Australian mining firm Core Exploration Limited has applied for a licence to develop one of the country’s highest-grade lithium deposits, as part of plans to make inroads into the Chinese battery materials market.
Core said on 19 October it plans to develop its 100%-owned Grants deposit near Darwin, in the Northern Territory, which contains an estimated 1.8 million tonnes of high-grade spodumene— a key mineral in the manufacture of lithium-ion batteries.
Australian flow battery maker Redflow has won a second US$600,000 (A$750,000) order for zinc-bromine batteries for a major energy storage project in the Pacific Islands.
The repeat order, from New Zealand-based Hitech Solutions, comes just a few months after Redflow supplied its ZBM2 batteries for Hitech’s construction of “advanced hybrid energy storage solutions” at a number of telecoms sites.
Australia’s Syrah Resources has signed a deal to provide a Chinese lithium battery materials supplier with 30,000 tonnes of graphite in the first year of production at its Balama mine in Mozambique.
Syrah said the agreement is with Jixi BTR Graphite Industrial, which supplies battery materials for lithium-ion products used in electric vehicles and the energy storage sector.
Australian graphite producer Magnis Resources is to supply raw materials to the German start-up behind plans to build two gigafactories in Europe.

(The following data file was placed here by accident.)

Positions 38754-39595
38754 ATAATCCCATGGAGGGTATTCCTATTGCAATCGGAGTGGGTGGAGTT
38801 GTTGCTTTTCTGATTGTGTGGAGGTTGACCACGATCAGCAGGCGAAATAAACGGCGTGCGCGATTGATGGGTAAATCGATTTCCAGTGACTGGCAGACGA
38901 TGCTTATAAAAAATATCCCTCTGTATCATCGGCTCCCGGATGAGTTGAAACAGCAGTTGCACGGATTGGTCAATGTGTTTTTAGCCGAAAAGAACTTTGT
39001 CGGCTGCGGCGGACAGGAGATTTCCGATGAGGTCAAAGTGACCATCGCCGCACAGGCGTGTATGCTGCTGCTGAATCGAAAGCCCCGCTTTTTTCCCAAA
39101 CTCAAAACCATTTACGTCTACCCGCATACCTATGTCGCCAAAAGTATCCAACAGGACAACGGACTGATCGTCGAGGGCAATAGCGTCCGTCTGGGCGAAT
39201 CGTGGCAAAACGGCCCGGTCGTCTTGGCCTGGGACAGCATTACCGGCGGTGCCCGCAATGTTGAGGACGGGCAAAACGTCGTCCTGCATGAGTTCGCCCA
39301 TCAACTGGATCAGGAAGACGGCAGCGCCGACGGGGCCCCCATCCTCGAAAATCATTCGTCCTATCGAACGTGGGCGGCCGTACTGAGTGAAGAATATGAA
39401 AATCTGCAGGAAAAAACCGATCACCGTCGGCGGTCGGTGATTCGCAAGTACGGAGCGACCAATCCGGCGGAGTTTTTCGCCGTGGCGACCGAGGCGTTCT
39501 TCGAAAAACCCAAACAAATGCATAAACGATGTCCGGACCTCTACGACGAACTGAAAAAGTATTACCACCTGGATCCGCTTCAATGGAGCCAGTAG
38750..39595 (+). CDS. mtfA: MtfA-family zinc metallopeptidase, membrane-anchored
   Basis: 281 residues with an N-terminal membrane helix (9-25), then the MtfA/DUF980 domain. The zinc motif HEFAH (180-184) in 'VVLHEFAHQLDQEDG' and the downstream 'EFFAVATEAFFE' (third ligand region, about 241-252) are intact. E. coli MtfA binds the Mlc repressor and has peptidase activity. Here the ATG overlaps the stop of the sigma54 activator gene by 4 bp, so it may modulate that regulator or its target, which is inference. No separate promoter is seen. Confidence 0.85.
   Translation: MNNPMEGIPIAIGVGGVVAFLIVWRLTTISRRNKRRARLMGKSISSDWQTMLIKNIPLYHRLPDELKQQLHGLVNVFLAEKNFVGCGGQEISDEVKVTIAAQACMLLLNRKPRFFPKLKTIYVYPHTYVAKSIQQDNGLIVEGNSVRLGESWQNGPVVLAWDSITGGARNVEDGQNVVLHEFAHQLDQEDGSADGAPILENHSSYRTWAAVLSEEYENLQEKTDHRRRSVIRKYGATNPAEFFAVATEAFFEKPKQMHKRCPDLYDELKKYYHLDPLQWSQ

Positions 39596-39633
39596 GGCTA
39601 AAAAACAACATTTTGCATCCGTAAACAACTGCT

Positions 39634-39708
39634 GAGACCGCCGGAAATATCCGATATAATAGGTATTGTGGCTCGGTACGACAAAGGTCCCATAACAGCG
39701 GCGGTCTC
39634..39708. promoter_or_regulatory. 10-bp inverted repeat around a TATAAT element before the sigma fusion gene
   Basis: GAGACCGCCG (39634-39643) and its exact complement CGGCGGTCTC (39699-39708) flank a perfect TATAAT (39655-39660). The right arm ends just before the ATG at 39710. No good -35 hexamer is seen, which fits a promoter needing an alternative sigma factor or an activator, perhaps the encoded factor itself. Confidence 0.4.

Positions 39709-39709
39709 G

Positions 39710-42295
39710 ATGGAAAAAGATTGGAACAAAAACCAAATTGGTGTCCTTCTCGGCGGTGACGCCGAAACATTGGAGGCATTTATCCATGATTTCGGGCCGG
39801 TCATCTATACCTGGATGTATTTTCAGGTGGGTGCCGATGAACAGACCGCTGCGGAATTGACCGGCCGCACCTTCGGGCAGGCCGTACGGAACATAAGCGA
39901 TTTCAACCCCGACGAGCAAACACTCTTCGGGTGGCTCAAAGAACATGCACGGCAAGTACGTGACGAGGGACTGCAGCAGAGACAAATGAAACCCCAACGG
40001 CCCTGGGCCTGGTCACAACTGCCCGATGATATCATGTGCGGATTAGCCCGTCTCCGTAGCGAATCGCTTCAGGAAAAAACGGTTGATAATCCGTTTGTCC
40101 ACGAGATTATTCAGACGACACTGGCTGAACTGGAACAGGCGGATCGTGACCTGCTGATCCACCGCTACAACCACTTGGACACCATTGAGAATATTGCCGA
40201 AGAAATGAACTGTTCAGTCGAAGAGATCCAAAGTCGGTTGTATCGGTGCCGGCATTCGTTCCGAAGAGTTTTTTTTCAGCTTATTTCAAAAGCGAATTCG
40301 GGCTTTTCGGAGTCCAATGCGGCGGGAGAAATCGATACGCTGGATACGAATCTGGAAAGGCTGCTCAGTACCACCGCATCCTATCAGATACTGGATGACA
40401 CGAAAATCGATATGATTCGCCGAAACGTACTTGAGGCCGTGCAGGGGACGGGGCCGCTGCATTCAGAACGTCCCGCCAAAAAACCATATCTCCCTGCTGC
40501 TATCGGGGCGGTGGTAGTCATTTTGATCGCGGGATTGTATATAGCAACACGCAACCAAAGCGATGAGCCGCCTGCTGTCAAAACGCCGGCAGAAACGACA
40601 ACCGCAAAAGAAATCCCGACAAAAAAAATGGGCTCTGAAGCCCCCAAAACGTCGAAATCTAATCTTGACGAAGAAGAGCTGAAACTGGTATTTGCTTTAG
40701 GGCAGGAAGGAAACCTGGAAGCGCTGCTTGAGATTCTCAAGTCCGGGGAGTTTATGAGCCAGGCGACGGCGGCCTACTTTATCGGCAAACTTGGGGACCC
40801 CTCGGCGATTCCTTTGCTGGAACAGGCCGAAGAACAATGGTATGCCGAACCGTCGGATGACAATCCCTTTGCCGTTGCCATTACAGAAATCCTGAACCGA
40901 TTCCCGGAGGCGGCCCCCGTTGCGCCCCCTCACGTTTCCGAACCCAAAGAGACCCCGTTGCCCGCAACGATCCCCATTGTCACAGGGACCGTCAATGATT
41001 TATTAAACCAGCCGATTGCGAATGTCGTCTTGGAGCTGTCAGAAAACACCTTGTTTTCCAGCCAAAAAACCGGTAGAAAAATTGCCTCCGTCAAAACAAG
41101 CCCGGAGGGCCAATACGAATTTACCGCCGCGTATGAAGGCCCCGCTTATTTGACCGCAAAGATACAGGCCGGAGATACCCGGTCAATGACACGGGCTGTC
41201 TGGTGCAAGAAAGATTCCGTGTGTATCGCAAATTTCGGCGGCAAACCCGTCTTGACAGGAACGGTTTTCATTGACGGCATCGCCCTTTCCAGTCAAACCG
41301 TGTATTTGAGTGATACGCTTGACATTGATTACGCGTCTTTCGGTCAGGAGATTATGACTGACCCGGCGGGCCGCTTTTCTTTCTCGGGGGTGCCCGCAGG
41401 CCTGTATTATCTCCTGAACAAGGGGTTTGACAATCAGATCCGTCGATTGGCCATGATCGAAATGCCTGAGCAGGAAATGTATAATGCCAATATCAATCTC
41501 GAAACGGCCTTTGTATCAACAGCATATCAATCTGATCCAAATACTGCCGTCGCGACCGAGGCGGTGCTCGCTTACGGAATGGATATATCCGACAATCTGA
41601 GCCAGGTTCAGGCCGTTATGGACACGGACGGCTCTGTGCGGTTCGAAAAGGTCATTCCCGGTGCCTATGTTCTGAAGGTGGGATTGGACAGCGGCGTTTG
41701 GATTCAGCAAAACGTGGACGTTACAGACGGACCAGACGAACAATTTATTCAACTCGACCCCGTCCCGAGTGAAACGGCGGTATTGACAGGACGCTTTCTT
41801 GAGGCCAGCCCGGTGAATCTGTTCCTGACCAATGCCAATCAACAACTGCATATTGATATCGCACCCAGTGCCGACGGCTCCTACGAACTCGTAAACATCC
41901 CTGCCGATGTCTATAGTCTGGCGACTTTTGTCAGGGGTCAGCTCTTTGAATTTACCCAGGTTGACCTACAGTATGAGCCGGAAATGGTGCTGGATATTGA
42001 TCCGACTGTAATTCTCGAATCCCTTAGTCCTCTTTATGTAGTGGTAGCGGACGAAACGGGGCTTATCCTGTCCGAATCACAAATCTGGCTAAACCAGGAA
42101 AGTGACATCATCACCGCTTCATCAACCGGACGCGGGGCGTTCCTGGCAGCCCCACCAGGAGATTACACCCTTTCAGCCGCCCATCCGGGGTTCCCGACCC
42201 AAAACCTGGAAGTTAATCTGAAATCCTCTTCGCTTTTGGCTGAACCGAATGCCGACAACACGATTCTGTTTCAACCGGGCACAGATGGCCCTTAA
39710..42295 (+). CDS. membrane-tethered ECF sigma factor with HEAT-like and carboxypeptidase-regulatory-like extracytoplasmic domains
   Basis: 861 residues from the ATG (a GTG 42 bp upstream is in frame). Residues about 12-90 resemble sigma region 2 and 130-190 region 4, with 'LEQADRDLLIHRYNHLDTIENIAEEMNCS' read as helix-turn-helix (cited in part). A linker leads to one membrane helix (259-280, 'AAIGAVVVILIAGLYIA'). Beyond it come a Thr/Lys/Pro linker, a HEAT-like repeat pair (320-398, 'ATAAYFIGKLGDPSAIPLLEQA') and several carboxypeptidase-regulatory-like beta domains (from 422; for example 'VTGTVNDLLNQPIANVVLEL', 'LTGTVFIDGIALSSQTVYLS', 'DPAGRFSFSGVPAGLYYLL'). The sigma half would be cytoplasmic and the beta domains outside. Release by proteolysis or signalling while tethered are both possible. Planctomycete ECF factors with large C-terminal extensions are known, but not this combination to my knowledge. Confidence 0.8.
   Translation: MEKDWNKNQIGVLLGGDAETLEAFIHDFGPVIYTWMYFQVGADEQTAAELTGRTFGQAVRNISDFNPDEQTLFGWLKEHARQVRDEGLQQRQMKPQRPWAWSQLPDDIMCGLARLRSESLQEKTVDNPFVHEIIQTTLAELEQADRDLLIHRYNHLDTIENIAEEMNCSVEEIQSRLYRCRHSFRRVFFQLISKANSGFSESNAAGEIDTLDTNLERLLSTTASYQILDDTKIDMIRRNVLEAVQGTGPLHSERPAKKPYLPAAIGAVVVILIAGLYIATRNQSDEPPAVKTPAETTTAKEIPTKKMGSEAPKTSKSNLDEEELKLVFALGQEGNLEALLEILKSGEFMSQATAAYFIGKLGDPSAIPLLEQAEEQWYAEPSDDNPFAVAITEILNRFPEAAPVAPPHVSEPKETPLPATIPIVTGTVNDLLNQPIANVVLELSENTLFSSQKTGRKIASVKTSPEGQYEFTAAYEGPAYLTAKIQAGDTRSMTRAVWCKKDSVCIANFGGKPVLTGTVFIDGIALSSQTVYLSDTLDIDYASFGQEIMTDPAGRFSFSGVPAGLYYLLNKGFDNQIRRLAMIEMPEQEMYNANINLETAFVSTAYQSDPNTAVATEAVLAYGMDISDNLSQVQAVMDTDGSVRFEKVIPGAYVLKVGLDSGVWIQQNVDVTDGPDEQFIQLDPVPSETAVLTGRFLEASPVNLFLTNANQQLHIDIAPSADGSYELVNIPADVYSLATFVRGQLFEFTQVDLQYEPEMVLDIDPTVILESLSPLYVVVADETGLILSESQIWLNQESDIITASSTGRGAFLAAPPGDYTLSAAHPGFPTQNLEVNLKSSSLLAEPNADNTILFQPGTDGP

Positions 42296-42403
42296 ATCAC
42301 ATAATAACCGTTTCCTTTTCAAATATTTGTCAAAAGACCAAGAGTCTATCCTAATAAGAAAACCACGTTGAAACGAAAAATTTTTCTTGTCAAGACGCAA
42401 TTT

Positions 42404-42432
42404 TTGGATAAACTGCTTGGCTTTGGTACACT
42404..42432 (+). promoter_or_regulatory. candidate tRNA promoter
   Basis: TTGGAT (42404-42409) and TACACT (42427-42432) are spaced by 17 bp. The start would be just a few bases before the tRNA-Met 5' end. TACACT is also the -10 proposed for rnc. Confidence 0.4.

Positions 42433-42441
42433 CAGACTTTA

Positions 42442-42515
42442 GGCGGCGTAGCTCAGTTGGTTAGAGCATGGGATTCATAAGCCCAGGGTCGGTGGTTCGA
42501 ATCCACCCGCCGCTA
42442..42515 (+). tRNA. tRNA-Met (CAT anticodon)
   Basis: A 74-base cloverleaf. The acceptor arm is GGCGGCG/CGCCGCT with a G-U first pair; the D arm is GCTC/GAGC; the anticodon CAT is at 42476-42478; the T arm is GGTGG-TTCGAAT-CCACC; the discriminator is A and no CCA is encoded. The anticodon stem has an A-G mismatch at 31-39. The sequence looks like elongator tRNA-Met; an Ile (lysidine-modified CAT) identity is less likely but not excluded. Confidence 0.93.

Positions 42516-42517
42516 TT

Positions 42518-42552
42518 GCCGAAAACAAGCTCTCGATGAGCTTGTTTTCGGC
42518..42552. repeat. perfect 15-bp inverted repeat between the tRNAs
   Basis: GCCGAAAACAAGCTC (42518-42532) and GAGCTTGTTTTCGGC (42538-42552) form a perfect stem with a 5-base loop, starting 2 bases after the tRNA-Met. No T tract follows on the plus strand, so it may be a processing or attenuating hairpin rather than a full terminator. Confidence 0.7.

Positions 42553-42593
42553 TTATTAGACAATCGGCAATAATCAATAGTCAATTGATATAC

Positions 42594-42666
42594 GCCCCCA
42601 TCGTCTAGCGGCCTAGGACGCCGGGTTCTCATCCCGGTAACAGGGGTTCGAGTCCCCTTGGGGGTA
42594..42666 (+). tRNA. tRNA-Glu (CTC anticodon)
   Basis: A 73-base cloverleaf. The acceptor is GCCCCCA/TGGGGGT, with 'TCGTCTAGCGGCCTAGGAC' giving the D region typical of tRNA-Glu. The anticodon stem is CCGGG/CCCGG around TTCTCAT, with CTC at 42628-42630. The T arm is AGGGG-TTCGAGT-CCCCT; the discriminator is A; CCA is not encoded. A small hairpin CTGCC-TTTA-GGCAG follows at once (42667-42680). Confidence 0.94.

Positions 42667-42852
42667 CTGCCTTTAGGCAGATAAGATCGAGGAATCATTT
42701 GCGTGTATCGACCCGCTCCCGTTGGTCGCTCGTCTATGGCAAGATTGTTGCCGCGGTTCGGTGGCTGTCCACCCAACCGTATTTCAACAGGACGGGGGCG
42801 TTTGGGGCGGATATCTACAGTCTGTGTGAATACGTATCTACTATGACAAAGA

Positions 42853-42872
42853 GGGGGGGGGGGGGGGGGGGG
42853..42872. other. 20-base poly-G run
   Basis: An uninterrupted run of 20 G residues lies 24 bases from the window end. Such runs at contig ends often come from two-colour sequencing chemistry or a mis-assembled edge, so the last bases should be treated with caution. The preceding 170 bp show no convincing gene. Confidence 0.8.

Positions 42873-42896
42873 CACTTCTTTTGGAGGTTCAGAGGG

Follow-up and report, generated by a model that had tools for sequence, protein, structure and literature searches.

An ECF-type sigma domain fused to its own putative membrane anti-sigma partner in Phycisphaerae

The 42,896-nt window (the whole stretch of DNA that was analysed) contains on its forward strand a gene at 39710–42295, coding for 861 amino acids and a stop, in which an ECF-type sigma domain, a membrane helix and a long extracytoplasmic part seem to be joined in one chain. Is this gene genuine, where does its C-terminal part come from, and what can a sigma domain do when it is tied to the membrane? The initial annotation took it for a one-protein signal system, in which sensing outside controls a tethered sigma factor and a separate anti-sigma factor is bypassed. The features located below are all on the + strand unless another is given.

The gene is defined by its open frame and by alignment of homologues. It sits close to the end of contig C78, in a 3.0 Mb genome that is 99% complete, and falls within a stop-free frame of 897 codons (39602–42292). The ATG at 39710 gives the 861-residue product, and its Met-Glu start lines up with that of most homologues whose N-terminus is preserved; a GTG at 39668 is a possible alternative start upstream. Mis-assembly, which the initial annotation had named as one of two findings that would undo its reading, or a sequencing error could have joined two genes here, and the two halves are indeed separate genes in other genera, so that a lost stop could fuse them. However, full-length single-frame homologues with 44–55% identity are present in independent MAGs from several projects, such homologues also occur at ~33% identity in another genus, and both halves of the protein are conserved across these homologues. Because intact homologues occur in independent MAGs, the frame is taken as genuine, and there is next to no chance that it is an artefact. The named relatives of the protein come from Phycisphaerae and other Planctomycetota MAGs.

Magnis said it has signed a deal with TerraE Holding GmbH, which recently formed a consortium of 17 (now 18) major companies and research institutions – and plans a total of 34GWh of production capacity across two lithium-ion battery cell production plants in Germany.
The Queensland state government in Australia has launched a large-scale energy storage auction programme – calling on firms to start registering their interest in tendering to provide a total of up to 100MW of storage capacity in the state before 2020.
The ‘Renewables 400’ initiative is part of the government’s AUD1.6 billion ($1.2bn) Powering Queensland Plan, launched earlier this year, to help meet the state’s target of generating 50% of its energy needs from renewables by 2030.
Australian company Energy Renaissance (ER) is to build a “specific and niche” lithium-ion battery gigafactory in Darwin, in the country’s Northern Territory, which will start production by late 2018.
“Our niche focus is to build the world's best batteries for hot and humid climates,” said Brian Craighead, managing director of Energy Renaissance, in an interview with the Australian Broadcasting Corporation (ABC). The battery storage systems will be designed for commercial and utility-scale uses in telecommunications, defence and government sectors, and target the Australian and South-East Asian markets.